North and South Korea: Path to six-party talks rocky, but still open
Without six-party talks, there will be no opportunity to dissuade North Korea from testing another nuclear device. The US is trying to keep the conversation open.
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“South Korea was originally going to reject talks with the North, but because the US made a strong request, we felt it was important to accept a conversation,” says Dong Yongsuen, an expert on North Korea with the Samsung Economic Research Institute.Skip to next paragraph
In Pictures Inside North Korea: more circus than bread
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Seoul is wary of being caught in a dead end, however. “North Korea wants these talks to create the chance of restarting six-party talks so that they can talk to the Americans, that’s all,” worries one senior South Korean official.
The six-party talks aimed at ending Pyongyang’s nuclear weapons program in return for aid and diplomatic recognition by the US have been stalled since 2007.
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Though Washington has publicly supported Seoul’s demand for an apology from North Korea, and a pledge it will not repeat last year’s provocations, it is clear the US would like the government here to be liberal in how it interprets what would, at best, be a half-hearted North Korean statement.
The government “is prepared to construe” a suitable North Korean formulation as an apology, believes Han Sung-joo, a former foreign minister and ambassador to the US. “If they continue to balk they might lose their majority support among the public,” Professor Han suggests.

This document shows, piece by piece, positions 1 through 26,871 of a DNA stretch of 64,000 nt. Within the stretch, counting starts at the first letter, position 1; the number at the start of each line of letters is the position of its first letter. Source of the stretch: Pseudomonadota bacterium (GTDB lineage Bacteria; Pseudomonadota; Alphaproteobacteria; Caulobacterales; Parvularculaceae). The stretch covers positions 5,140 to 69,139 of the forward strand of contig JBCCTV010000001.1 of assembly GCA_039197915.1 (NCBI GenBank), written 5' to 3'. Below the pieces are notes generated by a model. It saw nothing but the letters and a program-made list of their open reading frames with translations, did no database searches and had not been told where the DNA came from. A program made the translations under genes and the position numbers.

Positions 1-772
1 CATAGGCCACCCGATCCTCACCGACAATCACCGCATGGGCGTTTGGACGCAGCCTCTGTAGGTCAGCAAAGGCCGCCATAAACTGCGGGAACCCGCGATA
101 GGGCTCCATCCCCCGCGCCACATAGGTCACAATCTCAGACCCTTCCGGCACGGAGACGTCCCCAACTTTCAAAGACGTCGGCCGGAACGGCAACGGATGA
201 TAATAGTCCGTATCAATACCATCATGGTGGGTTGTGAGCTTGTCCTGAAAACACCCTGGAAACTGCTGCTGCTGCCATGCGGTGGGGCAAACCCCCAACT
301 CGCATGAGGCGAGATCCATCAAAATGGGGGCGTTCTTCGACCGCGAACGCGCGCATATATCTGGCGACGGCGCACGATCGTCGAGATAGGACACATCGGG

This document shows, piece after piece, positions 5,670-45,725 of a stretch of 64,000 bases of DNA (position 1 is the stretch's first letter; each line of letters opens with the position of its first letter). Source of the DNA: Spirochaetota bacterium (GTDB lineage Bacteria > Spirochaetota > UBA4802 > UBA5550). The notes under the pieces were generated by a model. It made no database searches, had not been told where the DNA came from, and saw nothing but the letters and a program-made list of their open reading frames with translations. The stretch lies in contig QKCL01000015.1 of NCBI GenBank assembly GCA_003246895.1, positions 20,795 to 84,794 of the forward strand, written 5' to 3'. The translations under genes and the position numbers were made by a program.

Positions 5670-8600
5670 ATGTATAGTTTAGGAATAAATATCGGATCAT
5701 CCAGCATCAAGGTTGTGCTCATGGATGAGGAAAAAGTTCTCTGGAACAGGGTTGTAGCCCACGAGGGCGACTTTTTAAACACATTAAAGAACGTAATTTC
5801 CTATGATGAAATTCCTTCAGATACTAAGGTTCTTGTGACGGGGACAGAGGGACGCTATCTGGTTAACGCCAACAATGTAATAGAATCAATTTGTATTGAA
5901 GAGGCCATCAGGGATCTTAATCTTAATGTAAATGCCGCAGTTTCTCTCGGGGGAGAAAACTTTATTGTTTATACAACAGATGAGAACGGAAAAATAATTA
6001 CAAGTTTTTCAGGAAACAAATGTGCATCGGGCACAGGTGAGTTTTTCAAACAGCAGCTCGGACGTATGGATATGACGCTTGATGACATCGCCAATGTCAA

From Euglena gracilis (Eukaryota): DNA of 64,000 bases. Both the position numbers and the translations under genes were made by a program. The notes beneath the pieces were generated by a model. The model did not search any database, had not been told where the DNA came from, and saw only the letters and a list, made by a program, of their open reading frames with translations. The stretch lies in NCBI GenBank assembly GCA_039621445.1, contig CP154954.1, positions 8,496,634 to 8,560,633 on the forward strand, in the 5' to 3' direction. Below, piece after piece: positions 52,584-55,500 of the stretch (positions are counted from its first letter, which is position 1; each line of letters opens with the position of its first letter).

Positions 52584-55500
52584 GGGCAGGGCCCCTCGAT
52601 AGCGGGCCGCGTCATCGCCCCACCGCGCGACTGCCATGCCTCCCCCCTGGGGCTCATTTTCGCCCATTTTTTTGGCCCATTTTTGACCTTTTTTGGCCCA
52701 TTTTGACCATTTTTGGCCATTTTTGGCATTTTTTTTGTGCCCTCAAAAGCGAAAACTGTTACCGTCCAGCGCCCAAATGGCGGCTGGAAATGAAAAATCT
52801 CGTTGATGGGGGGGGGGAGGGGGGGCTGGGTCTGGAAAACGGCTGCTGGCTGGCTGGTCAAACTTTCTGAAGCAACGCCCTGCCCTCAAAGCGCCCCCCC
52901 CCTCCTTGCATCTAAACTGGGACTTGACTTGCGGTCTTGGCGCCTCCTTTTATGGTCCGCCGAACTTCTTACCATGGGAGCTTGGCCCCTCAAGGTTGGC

Split on public opinion
The South Korean electorate is – as ever – split over policy toward the North.
The Cheonan and Yeonpyeong incidents “have turned public opinion quite a bit against North Korea,” says Daniel Pinkston, an analyst here with the International Crisis Group think tank. Even government critics “are totally exasperated with North Korean behavior,” he adds.
At the same time, voters “don’t want these incidents exaggerated,” says Kim Dae-joong, a columnist with the conservative Chosun Ilbo daily. “Because if we retaliated it would bring all out war, and people do not want that again,” he explains.
After months of tension “people are beginning to feel that enough is enough,” says Paik Hak-soon, a political analyst at the Sejong Institute, a prominent think tank. “Now the government is under heavy pressure from the US to lower tensions, and pressure from the public, so it has to find an exit strategy” through talks with the North.
Despite the North Korean walkout two weeks ago, “it is too early to say whether the talks have been suspended and will resume, or whether they have broken down,” says Mr. Kim at the Unification Ministry.
Dr. Dong believes Pyongyang’s abrupt exit was part of “an emotional game. They realize South Korea is getting more flexible so they are playing a game to get what they want,” he says. “This is a process, and it’s not over yet.”
Donald Kirk contributed to this article.
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